More on that train race out west that I wrote about earlier this month. Metro, the transit agency in Phoenix, is asking the state for $1.7 billion to accelerate construction on the 57-mile light rail system that is being built, and to add more than 20 new miles to the system by 2027. This according to the Arizona Republic.
That’s the very same strategy that Salt Lake City voters approved in November when they raised the sales tax to speed up construction and add new lines to a 45-mile light rail system, and an 88-mile commuter rail network. The $3.1 billion system is so popular that suburbs that fought its development are clamoring to organize constituents and build even more train lines (see pix.)
In both places, just as here in Michigan, there was plenty of skepticism about the value of light rail, whether people would make the mode shift from their cars to a train, and whether the investment would pay economic dividends. And in both western cities the answers are that trains are more popular than anticipated, and are encouraging $billions in new housing, retail, office, and recreational investments. As an icon of a region’s will to succeed as an energy efficient, environmentally-conscious, modern, and prosperous place, rail rapid transit has few equals.
Look at Utah: low unemployment, rising job numbers and incomes, well-educated workforce, mecca for young people, vibrant, and building the West’s second largest regional rail system next to Denver’s.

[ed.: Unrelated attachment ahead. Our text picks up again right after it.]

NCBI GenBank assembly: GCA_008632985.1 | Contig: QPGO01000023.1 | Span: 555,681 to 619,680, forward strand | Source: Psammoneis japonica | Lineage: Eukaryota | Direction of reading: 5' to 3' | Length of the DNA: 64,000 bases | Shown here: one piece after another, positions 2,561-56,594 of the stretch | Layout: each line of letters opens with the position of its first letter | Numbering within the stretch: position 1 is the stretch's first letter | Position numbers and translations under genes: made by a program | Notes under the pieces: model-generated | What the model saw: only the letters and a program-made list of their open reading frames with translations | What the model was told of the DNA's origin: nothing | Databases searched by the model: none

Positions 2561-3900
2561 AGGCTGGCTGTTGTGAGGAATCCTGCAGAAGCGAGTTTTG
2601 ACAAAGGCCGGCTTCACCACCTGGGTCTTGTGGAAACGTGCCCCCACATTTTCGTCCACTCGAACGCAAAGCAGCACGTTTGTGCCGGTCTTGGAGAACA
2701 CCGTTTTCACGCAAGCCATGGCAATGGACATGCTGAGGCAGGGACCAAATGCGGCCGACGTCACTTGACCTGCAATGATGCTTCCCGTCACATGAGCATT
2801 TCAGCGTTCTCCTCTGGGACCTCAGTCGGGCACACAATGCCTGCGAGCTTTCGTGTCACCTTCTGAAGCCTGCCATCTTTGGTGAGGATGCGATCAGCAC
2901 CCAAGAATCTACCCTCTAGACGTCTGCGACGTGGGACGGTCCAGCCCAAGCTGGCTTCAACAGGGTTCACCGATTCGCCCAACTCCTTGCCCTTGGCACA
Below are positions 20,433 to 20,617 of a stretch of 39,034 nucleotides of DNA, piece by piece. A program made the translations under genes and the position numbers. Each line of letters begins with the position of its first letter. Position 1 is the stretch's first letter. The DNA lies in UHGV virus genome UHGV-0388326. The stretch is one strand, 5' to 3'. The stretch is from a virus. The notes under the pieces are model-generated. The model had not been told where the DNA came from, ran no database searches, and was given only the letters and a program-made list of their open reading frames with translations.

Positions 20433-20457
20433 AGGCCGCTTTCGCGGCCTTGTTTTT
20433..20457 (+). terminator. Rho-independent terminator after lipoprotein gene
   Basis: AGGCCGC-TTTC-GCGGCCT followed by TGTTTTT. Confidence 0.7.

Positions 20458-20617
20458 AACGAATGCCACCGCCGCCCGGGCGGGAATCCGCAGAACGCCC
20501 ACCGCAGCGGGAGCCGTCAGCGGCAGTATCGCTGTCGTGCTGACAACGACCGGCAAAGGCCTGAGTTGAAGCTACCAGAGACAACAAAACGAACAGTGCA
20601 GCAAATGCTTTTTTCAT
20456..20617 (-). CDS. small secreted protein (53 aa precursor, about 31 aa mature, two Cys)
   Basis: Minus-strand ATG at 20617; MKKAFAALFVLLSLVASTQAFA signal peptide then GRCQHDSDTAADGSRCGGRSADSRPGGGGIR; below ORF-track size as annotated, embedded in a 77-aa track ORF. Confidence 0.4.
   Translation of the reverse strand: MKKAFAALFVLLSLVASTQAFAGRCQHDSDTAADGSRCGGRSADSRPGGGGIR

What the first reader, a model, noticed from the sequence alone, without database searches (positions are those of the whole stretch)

Look at Michigan: nation’s highest unemployment, rapidly diminishing job numbers and personal income, workforce not yet convinced that college degrees are worth the trouble, treats its brightest young people as a primary export, troubled spiritually, and still arguing about whether rail transit has a place.
In an interview on Michigan Radio earlier this month, Michigan’s Democratic Governor Jennifer Granholm said that public transit, and especially trains, were a “necessary” investment for the state to make to be competitive in the global economy. A starter line that links Ann Arbor with Detroit, and the suburbs in between, is now teed up for regional and state approval. There is $100 million in federal funding to complete the engineering and design stages and start construction. The familiar crticisms about cost, popularity, wise investment and the like surround the proposal. The typical critics — Oakland County Executive L. Brooks Patterson, House Republican Leader Craig DeRoche among others — have aligned to derail the idea.
But for the first time in years, there also is a political opening that makes sense. Gov. Granholm says she wants more transit. And state Representative Marie Donigan, a Democrat of Royal Oak, was appointed chair of the new House Public Transit Subcommittee. Marie is southeast Michigan’s most prominent elected transit advocate. Get in touch with her at firstname.lastname@example.org and tell her you want to help.